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Chandra Spots First Brown Dwarf Flare
By News
June 12, 2000 --- The first flare ever seen from a brown dwarf was detected by NASA's Chandra X-ray Observatory.  The bright X-ray flare has implications for understanding the explosive activity and origin of magnetic fields of extremely low-mass stars, according to a NASA news release, said Dr. Robert Ruthedge of the California Institute of Technology in Pasadena, the lead author on the discovery, which will be described in the July 20 issue of Astrophysical Journal Letters.  "We didn't expect to see flaring from such a lightweight object.  This is really the 'mouse that roared.'"
The energy emitted in the brown dwarf flare was comparable to a small solar flare, and was a billion times greater than observed X-ray flares from Jupiter.  The flaring energy is believed to come from a twisted magnetic field.
"This is the strongest evidence yet that brown dwarfs and possibly young giant planets have magnetic fields, and that a large amount of energy can be released in a flare," Dr. Eduardo Martic, also of Caltech and a member of the team, said in the news release.
Bibor Basri of the University of California, Berkeley, the principal investigator for this observation, speculated that the flare " could have it's origin in the turbulent magnetized hot material beneath the surface of the brown dwarf.  A sub-surface flare could heat the atmosphere, allowing currents to flow and give rise to the X-ray flare --- like a stroke of lightning."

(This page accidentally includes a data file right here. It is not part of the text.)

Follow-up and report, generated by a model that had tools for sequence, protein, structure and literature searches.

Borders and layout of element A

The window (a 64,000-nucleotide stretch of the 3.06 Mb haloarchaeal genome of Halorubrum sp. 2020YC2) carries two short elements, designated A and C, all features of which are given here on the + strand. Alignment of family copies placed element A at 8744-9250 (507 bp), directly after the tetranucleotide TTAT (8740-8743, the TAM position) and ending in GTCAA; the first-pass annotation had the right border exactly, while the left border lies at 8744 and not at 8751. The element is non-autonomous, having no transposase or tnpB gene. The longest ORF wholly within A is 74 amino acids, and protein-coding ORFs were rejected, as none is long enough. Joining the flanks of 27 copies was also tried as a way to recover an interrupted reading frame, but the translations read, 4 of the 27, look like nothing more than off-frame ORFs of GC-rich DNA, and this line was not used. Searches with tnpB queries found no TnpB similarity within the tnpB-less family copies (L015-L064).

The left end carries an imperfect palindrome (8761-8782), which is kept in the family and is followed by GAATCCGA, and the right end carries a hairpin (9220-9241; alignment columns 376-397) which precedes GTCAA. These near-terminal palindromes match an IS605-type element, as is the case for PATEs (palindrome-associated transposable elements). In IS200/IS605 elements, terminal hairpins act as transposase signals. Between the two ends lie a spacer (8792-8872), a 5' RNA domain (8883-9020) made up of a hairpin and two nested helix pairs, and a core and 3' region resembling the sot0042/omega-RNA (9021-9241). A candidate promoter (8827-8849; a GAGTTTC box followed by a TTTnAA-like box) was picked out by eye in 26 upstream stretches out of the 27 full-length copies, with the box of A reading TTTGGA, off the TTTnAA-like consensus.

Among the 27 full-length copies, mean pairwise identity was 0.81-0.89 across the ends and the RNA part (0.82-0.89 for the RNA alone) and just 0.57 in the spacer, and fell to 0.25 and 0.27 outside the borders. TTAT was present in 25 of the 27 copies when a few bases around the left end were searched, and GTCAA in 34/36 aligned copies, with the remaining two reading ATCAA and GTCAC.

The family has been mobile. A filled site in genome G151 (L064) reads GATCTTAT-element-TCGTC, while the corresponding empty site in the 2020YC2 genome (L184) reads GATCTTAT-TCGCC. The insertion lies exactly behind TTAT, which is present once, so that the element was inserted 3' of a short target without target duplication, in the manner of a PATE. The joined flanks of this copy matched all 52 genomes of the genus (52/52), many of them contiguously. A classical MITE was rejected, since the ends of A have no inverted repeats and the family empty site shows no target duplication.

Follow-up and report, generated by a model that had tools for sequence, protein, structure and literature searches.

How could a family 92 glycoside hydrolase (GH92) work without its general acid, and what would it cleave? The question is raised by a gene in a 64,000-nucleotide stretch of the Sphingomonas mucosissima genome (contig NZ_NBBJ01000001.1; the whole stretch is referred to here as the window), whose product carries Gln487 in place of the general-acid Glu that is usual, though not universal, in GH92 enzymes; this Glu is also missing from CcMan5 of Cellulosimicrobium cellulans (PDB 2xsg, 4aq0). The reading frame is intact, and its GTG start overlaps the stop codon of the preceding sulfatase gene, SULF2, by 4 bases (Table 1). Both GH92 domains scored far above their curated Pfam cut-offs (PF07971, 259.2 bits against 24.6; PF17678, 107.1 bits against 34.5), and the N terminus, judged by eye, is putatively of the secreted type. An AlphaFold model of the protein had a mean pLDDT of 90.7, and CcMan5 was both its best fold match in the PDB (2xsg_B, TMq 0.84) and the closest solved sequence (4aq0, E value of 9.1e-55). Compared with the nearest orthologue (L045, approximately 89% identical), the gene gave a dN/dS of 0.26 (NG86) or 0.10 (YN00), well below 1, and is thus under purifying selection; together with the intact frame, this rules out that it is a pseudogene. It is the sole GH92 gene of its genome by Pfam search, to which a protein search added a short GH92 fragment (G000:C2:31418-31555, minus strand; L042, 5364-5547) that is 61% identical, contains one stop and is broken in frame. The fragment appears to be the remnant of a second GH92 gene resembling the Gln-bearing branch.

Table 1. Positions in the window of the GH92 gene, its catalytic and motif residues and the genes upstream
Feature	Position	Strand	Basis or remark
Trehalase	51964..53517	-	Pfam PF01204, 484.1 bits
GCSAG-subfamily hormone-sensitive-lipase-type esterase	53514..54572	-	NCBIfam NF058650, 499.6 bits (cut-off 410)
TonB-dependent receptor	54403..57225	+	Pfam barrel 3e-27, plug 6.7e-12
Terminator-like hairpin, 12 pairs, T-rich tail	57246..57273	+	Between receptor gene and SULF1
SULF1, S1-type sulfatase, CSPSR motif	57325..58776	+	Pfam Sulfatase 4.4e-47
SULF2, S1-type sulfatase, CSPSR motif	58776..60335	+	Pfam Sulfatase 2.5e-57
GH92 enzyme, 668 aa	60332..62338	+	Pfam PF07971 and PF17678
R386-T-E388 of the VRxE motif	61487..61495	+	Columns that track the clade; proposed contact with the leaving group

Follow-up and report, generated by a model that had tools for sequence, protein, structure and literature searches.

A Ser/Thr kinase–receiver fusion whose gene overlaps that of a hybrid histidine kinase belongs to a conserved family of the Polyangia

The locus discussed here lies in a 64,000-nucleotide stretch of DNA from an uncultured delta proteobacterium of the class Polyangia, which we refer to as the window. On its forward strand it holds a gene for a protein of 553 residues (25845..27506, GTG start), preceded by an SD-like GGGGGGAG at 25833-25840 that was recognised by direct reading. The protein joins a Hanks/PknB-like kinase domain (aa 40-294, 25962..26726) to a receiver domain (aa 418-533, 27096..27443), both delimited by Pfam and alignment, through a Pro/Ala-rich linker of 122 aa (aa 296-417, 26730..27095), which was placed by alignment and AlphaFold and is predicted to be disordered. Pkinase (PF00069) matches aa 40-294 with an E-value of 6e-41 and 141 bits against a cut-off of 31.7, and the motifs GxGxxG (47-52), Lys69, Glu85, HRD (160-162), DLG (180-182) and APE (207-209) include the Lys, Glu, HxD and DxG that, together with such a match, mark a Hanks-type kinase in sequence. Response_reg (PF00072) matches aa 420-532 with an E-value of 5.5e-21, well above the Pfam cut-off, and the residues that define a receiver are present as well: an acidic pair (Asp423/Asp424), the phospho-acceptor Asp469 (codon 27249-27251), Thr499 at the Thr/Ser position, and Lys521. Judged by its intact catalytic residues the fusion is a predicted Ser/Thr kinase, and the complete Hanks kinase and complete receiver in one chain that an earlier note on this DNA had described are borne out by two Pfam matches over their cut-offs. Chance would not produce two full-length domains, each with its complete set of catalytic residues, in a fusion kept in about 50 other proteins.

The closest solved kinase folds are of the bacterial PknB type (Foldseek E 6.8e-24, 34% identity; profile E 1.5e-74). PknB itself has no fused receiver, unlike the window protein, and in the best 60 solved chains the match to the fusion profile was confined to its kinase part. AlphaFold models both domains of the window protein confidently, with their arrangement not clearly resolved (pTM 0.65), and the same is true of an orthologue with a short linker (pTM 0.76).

LP 944-20, essentially a failed star is about 500 million years old and has a mass that is about 60 times that of Jupiter, or 6 percent that of the sun.  Located in the constellation Fornax in the southern skies, LP 944-20 is one of the best-studied brown dwarfs because it is only 16 light-years from Earth.
Brown dwarfs have too little mass to sustain significant nuclear reactions in their cores.  Their primary source of energy is the release of gravitational energy as they slowly contract.  They are very dim -- less than a tenth of a percent as luminous as the sun -- and of great interest to astronomers because they are poorly understood and probably a very common class of objects that bridge the gap between normal stars and giant planets.


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